Friday, April 23, 2010
The beauty of tal.ki
Wednesday, April 21, 2010
The world according to Hugh
Hugh Macleod, Gaping Void, will explain life to you one card at a time.
2007 and the entire online world is in serious mode. Looking for a reason to exist. Frightfully important things are happening. Gurus from far and wide are telling anyone foolish enough to take them seriously what is good, what is bad, and what may happen tomorrow.
Dot com crash. Someone figured they had to prick the bubble, bring things back to earth, try and regain some common sense.
Out of nowhere steps Hugh Macleod. He’s a busy man, tied up in South African wine. Tied up in producing ‘cartoons on the back of business cards’.
Hugh put humour back on the agenda. Too many people being too serious.
Hugh has wit to spare. Hugh is providing the Doonesbury moment for the internet. On the back of a card.
I took to stealing them off his site. Folders full of them. Turns out I didn’t need to steal them; he was staying around for longer than your average net presence. Fact is he’s still around now. Bigger, brighter, but still with the same satire.
I remember the first time he used colour. Any Gapingvoid fan will. Very daring. Microsoft got involved. Ya get that moment when you wonder if he’s going to stay the same, or is he going to go full colour, bigger, brighter, louder, and lose the entire point.
He kept to the script and still does to this day.
You can have colour. You can own a print. The only reason I don’t is simply a matter of budget necessity. Hugh’s cards work in any size.
He wrote a book. Ignore Everybody. It contained common sense, which, as you may have noticed is a bit hard to come by these days.
Satire done good.
I am supposed to nominate a favourite card (notice how I have this thing trained not to bitch about English spelling?) – veered off there, sorry…
I am supposed to nominate a favourite card and comment on it. I have too many favourites. They change on a daily basis – mood dependent.
If you haven’t found Hugh yet you need to. If you have already you don’t need me to tell you about it.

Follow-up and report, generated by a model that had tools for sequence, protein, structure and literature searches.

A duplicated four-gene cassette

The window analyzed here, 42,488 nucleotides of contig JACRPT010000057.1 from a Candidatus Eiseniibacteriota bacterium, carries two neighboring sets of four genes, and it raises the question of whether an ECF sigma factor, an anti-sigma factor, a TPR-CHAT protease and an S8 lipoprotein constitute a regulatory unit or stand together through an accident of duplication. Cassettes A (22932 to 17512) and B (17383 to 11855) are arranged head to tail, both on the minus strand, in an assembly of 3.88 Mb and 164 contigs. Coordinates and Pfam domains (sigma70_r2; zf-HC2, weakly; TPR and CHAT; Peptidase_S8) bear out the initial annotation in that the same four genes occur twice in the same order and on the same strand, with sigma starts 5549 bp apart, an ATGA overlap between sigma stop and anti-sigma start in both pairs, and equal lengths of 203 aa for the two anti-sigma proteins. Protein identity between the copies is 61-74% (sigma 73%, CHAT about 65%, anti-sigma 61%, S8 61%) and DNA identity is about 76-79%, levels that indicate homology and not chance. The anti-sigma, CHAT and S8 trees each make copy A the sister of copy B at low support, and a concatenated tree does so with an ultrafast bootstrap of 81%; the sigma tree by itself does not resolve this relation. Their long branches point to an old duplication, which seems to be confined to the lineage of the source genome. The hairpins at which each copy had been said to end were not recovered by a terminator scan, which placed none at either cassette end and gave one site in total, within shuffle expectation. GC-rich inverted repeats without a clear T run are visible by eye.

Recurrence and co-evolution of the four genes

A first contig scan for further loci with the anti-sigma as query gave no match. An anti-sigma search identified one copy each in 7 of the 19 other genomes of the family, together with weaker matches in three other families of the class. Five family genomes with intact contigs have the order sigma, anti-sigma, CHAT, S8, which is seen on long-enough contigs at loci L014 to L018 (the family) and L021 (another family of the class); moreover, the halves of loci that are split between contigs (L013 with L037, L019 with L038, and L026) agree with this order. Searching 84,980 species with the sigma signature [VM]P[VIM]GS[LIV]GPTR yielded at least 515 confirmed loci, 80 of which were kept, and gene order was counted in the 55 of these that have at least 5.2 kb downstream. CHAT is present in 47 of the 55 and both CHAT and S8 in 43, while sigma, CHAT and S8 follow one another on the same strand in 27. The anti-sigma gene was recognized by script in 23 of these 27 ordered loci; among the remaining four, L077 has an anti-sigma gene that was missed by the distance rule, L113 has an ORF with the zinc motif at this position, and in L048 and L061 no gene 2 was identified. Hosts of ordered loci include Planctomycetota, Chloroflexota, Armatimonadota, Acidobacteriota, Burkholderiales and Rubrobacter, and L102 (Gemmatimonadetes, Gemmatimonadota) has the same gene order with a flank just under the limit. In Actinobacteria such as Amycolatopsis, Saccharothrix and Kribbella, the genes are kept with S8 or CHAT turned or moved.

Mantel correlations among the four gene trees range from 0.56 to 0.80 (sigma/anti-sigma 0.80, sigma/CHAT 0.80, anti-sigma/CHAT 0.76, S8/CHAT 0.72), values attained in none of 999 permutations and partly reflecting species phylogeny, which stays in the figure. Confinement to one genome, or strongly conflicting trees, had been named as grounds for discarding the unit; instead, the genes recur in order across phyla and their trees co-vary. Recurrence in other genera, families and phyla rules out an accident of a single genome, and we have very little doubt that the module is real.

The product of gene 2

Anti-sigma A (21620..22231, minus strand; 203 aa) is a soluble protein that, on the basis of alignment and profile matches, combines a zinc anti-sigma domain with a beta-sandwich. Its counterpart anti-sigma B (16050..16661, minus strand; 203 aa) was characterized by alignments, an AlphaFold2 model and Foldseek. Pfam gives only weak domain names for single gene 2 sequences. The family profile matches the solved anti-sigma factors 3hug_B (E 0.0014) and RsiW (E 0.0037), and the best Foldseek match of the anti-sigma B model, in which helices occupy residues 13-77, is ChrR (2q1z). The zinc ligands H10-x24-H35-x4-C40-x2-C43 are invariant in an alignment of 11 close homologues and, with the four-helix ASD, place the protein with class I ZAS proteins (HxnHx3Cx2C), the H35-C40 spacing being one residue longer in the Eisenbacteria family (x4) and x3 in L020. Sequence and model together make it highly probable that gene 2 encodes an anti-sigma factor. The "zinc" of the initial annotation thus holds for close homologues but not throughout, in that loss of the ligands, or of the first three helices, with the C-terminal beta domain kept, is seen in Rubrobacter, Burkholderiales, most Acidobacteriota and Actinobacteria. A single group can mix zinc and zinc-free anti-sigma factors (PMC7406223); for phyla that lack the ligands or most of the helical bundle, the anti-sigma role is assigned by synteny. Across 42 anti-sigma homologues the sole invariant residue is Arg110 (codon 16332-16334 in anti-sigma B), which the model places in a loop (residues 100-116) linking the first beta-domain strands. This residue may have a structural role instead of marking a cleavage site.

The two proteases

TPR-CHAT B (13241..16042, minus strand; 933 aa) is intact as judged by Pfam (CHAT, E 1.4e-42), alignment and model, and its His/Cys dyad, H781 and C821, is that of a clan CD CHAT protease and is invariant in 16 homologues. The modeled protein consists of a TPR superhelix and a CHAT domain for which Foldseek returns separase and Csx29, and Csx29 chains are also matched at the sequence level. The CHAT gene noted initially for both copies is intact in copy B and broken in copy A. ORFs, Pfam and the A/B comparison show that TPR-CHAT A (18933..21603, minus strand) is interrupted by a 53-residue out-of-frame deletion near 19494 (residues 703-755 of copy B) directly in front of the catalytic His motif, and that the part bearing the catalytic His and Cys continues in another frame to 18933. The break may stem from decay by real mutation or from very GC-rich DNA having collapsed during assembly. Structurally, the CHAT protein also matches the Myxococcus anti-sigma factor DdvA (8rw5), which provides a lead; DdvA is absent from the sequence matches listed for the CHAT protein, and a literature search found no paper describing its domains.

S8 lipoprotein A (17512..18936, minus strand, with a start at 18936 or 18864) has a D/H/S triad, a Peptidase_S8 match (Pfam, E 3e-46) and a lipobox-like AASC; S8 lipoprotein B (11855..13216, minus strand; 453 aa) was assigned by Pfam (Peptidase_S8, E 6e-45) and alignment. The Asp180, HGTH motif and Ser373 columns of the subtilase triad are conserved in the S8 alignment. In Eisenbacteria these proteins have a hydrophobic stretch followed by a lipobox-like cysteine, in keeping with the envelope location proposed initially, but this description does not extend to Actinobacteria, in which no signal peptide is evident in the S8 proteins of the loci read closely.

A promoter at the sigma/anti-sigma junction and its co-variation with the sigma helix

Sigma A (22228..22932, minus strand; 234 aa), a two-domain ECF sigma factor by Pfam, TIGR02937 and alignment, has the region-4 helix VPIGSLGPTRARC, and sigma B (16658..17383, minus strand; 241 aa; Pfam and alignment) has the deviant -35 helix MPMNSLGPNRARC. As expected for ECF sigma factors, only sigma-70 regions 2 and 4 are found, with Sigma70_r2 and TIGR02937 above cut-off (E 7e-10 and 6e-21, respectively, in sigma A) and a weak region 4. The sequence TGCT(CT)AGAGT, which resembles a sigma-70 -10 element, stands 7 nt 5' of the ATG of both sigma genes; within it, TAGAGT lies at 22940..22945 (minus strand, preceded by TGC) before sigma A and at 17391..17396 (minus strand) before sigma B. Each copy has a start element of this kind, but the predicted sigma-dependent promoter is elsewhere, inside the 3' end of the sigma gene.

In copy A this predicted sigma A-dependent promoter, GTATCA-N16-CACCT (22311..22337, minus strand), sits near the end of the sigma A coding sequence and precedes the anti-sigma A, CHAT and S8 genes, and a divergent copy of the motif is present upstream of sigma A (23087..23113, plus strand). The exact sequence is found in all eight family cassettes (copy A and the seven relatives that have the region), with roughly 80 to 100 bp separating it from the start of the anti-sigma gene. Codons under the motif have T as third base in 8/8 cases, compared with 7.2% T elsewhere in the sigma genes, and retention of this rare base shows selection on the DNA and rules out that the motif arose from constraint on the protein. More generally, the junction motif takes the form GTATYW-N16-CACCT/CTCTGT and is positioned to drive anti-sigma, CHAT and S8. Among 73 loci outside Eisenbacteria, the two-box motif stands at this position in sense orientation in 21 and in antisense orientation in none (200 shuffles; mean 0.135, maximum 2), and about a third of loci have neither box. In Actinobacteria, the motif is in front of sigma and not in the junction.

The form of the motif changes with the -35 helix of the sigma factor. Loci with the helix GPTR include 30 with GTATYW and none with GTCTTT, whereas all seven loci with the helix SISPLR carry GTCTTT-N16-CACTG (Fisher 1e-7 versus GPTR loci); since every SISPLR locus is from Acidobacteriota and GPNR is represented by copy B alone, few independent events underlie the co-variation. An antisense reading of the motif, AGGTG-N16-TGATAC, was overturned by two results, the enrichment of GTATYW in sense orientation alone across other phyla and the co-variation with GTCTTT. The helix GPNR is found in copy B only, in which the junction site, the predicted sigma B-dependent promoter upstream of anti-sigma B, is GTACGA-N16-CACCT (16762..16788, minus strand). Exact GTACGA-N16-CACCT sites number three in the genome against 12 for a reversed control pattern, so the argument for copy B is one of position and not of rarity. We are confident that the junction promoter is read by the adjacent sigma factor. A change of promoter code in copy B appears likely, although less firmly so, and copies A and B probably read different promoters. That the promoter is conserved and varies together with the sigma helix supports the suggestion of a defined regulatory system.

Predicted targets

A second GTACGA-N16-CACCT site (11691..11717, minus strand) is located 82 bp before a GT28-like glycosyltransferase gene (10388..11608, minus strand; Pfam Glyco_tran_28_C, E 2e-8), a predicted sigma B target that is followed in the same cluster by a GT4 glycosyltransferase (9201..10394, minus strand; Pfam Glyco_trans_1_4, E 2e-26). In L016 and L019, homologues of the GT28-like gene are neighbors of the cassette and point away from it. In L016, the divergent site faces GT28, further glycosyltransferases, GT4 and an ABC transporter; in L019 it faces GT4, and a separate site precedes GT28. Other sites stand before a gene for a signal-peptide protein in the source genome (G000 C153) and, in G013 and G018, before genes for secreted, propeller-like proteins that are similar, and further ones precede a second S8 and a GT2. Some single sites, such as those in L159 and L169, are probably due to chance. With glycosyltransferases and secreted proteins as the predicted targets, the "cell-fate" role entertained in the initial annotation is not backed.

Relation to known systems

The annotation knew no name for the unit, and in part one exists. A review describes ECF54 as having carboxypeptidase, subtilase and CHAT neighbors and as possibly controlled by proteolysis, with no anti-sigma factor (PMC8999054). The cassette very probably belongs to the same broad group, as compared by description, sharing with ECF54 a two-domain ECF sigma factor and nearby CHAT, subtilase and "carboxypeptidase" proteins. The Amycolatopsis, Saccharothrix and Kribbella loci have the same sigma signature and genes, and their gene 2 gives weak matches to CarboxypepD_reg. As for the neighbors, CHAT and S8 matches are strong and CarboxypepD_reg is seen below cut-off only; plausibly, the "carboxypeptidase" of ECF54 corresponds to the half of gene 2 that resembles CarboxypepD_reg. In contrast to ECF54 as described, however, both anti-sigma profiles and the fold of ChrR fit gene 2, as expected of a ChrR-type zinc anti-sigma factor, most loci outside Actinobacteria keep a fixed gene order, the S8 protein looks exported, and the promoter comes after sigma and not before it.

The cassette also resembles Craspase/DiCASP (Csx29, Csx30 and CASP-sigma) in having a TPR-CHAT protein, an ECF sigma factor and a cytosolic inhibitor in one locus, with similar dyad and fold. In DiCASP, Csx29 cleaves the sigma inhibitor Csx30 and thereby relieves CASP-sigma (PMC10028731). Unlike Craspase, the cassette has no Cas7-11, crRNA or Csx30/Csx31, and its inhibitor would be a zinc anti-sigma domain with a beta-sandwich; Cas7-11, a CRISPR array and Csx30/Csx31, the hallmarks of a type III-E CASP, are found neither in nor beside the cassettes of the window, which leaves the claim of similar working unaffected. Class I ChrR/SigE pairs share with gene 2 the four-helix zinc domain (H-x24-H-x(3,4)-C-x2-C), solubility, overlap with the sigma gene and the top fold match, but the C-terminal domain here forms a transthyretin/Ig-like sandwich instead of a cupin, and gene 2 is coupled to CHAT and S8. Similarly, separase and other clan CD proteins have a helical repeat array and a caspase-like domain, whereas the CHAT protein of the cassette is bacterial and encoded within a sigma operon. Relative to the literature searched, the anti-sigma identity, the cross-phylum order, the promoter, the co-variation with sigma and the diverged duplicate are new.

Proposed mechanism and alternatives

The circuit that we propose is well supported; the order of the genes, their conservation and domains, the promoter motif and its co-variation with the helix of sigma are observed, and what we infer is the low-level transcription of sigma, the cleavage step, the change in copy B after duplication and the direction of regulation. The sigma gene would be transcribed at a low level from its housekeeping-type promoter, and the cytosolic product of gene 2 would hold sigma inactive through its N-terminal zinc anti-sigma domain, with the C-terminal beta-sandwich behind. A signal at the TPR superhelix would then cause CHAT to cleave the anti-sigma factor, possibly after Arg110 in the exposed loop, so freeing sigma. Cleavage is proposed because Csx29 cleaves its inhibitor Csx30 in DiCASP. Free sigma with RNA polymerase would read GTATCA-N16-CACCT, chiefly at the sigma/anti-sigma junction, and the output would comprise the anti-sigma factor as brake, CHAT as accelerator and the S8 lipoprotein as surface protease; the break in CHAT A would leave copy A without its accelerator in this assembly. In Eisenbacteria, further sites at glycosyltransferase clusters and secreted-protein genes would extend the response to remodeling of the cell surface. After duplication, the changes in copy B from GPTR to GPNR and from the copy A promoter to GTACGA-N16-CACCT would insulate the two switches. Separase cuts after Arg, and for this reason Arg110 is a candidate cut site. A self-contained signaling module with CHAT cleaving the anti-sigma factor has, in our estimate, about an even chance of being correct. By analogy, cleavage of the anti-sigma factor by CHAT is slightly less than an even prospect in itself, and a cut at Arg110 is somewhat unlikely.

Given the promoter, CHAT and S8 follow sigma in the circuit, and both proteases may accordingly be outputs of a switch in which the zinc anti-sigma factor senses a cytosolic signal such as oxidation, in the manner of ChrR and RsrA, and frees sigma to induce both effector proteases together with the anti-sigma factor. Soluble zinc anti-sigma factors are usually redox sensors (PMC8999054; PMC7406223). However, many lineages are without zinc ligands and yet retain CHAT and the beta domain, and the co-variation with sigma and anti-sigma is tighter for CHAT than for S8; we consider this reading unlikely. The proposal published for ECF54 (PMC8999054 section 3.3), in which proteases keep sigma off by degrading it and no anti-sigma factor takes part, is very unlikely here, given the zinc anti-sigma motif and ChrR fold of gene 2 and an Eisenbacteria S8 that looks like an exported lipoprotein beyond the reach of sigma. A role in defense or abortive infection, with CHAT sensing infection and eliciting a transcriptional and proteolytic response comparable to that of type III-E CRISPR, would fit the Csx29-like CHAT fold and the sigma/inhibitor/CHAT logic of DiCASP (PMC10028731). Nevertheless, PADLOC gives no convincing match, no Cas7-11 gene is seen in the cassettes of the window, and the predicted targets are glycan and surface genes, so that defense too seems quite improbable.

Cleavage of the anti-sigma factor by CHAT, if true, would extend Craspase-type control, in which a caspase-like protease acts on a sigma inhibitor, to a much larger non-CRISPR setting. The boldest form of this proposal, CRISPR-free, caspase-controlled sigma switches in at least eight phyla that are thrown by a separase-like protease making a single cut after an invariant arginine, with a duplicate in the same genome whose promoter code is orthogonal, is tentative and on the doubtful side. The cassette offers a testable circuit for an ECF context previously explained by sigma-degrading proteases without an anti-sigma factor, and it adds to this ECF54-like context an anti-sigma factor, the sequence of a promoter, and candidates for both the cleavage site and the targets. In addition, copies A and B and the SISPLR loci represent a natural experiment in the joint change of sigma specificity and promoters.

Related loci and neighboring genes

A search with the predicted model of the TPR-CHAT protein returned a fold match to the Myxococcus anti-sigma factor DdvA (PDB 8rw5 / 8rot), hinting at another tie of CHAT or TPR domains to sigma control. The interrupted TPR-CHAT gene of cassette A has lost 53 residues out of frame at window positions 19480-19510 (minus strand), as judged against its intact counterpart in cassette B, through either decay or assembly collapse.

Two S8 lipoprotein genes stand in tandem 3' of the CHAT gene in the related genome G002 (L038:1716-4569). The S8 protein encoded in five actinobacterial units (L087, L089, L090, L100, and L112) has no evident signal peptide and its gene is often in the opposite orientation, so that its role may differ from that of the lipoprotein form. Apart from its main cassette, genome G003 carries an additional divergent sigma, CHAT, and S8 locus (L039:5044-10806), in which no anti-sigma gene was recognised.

And, remember who you are.
Tuesday, April 20, 2010
Monday, April 19, 2010
but google of course
Friday, April 16, 2010
Thursday, April 15, 2010
The next generation of Google Docs
Today we are hosting nearly 400 CIOs and IT professionals from around the world at Atmosphere, our inaugural event at the Googleplex dedicated to cloud computing. The discussion is centered on how companies can focus their technology expertise on projects that truly improve their businesses instead of managing complex applications, technology platforms and devices. We are also sharing details about improvements to Google Docs, made possible by a new codebase that will allow us to deliver richer functionality more quickly.New document and spreadsheet features
We’ve responded to many of your requests for features you’re used to in desktop software. In documents, we’ve added a margin ruler, better numbering and bullets and easier image placement options. And in spreadsheets, you’ll now find a formula editing bar, cell auto-complete, drag-and-drop columns and other features not possible with older browser technologies.
Higher fidelity document import
We’ve made big improvements to our document upload feature so moving files from your computer to the cloud is easier now. Imported documents retain their original structure more accurately, so you can hit the ground running editing in the browser without having to fix formatting like bullets and text alignment.Speed and responsiveness
We’ve extended Google Docs’ collaboration capabilities too, with support for up to 50 people working together at once, and in documents, you can now see other people’s edits as they happen character-by-character. And now you can also collaborate on flow charts, diagrams and other schematics in real time with a new editor for drawings on Google Docs.Learn more about these new capabilities and how to access them on the Google Docs blog, and if you’re with a school, business or organization, we’ve shared more details on the Google Enterprise Blog.Posted by Dave Girouard, President of Google Enterprise
“make art every day”